It’s Monday morning here, which means my street closely resembles the set of a Star Wars movie. Hosts of landscaping crews have invaded the neighborhood with leaf blowers on their backs. They’re on a mission to rid the sidewalks of grass cuttings and leaves.
I watch in amazement, as crew members blow the debris from one sidewalk to another. I’m left thinking, “Wouldn’t it make more sense to blow everything into one pile, pick it up, and dispose of it?“
This invasion takes place weekly, rain or shine. It’s my guess the same stuff is blown around week after week, as it’s spring here in New England, and there is little in the way of falling leaves.
Here’s a recent example of how this plays out in companies. A client calls me and says, “Roberta, I need your help in letting an employee go.” We discuss the matter at hand and then I ask him, “When did you decide this person needed to go?” He tells me he knew twenty years ago!
- If you think someone is a problem, then they are a problem. Take immediate steps to help them improve their skills or move them out of the organization.
- If you make a hiring mistake, own it and move on. It happens to the best of us. We make a hiring mistake. No point in continuing to pour good money after bad. Say your good-byes early and learn from your mistakes, so you don’t hire a replica of the person you just released.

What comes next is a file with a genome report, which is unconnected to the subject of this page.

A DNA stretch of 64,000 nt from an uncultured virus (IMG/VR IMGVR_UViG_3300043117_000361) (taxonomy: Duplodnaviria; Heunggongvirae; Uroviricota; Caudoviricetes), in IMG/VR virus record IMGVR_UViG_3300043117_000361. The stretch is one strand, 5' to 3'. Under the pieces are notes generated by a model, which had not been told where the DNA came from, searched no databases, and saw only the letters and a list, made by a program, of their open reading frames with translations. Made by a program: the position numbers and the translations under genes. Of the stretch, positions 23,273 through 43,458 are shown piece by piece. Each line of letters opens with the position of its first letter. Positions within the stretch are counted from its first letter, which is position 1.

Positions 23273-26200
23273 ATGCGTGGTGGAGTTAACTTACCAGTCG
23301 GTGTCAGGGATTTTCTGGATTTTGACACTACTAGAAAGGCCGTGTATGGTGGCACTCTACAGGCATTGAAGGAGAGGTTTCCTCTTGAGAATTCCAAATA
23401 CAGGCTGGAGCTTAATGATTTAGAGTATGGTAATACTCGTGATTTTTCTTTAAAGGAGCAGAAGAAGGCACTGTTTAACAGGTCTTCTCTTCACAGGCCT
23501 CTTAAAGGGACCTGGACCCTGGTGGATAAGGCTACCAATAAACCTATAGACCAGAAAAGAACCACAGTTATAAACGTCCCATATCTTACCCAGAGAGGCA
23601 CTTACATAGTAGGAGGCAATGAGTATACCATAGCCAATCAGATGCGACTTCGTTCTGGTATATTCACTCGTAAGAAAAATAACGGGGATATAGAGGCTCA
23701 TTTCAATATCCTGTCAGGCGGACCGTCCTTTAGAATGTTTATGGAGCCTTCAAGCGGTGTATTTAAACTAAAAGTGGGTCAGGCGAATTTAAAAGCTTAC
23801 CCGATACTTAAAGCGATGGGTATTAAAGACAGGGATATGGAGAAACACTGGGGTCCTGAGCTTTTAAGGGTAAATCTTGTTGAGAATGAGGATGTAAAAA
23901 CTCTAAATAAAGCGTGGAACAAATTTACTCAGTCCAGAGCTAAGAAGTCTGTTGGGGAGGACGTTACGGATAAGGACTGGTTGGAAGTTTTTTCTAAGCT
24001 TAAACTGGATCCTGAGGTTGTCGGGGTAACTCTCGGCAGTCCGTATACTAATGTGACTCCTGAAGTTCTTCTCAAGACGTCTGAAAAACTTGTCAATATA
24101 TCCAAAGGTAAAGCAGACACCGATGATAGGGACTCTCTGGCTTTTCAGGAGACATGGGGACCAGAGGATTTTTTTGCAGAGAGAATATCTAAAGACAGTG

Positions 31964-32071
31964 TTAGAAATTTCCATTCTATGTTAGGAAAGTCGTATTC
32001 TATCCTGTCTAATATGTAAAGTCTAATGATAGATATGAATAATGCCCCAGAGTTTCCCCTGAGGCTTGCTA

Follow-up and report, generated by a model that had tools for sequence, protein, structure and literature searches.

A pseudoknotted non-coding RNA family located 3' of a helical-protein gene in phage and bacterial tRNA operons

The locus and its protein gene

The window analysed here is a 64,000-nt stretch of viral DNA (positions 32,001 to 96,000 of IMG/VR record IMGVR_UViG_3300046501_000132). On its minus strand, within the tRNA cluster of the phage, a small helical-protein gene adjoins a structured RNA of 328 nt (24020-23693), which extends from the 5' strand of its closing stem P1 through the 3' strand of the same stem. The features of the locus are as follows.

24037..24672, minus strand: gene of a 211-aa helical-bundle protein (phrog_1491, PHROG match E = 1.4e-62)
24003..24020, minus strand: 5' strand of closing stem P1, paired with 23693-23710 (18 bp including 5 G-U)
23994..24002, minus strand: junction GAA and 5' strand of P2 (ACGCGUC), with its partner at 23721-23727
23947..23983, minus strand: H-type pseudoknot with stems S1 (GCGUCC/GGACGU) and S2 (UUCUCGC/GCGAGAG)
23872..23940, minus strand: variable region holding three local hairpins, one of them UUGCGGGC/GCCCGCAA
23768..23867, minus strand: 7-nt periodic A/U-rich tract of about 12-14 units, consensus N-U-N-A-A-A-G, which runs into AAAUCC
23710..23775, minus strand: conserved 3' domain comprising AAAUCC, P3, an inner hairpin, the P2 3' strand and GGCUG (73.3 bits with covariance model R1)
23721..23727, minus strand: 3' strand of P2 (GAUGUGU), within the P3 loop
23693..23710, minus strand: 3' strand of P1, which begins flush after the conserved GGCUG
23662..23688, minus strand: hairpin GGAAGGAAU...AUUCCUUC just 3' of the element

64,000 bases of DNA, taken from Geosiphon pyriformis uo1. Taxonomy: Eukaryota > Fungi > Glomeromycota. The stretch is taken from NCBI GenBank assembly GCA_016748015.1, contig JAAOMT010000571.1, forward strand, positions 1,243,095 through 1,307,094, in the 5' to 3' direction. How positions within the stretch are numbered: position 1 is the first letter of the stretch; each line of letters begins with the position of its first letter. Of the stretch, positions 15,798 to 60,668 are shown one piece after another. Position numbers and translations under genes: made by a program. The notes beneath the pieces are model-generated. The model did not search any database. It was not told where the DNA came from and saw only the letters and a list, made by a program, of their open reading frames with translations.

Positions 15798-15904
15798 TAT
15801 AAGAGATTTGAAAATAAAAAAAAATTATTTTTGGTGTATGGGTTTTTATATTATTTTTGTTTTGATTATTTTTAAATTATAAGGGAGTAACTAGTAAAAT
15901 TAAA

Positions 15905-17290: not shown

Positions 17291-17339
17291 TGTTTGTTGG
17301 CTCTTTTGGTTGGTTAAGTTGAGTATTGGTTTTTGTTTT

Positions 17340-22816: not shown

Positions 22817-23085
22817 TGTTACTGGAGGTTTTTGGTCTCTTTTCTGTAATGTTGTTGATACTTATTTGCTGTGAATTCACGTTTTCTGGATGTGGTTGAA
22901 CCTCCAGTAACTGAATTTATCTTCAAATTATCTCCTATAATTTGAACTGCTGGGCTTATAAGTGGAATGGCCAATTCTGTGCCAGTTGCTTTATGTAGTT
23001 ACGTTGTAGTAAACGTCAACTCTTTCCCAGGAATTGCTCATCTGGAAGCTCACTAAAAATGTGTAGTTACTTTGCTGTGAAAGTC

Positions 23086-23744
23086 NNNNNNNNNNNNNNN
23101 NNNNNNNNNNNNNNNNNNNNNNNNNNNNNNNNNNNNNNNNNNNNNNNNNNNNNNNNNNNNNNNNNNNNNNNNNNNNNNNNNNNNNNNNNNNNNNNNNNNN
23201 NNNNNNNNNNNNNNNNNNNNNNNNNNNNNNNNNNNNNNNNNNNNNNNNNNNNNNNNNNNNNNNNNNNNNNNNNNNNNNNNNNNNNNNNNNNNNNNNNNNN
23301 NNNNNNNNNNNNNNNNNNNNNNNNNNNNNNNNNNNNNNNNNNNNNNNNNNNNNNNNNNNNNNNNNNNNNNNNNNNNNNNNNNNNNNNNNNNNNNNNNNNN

- You can’t want more for someone than they want for themselves. You may want a non-performing employee to succeed, but if they don’t want it as much as you do, your efforts will fail. Invest your time and energy in those who genuinely want to grow.
- Know what you’re looking for before you go out to hire. Lots of people start the hiring process without truly knowing what they are seeking. Don’t be one of those people. Get real clear on your ideal candidate before you go out to the market to fill any position.
- You have to manage people. I once had a manager say to me, “You’re not meeting my expectations, although I’m not sure I ever told you what they were.” Seriously. You cannot make stories like this up. No matter how skilled someone may be, they still need direction and feedback.
Next Steps: Think about your team and ask yourself the following question.
If I had to do it over again, would I hire this person?
If you even hesitate for a moment, then you’ve got your answer.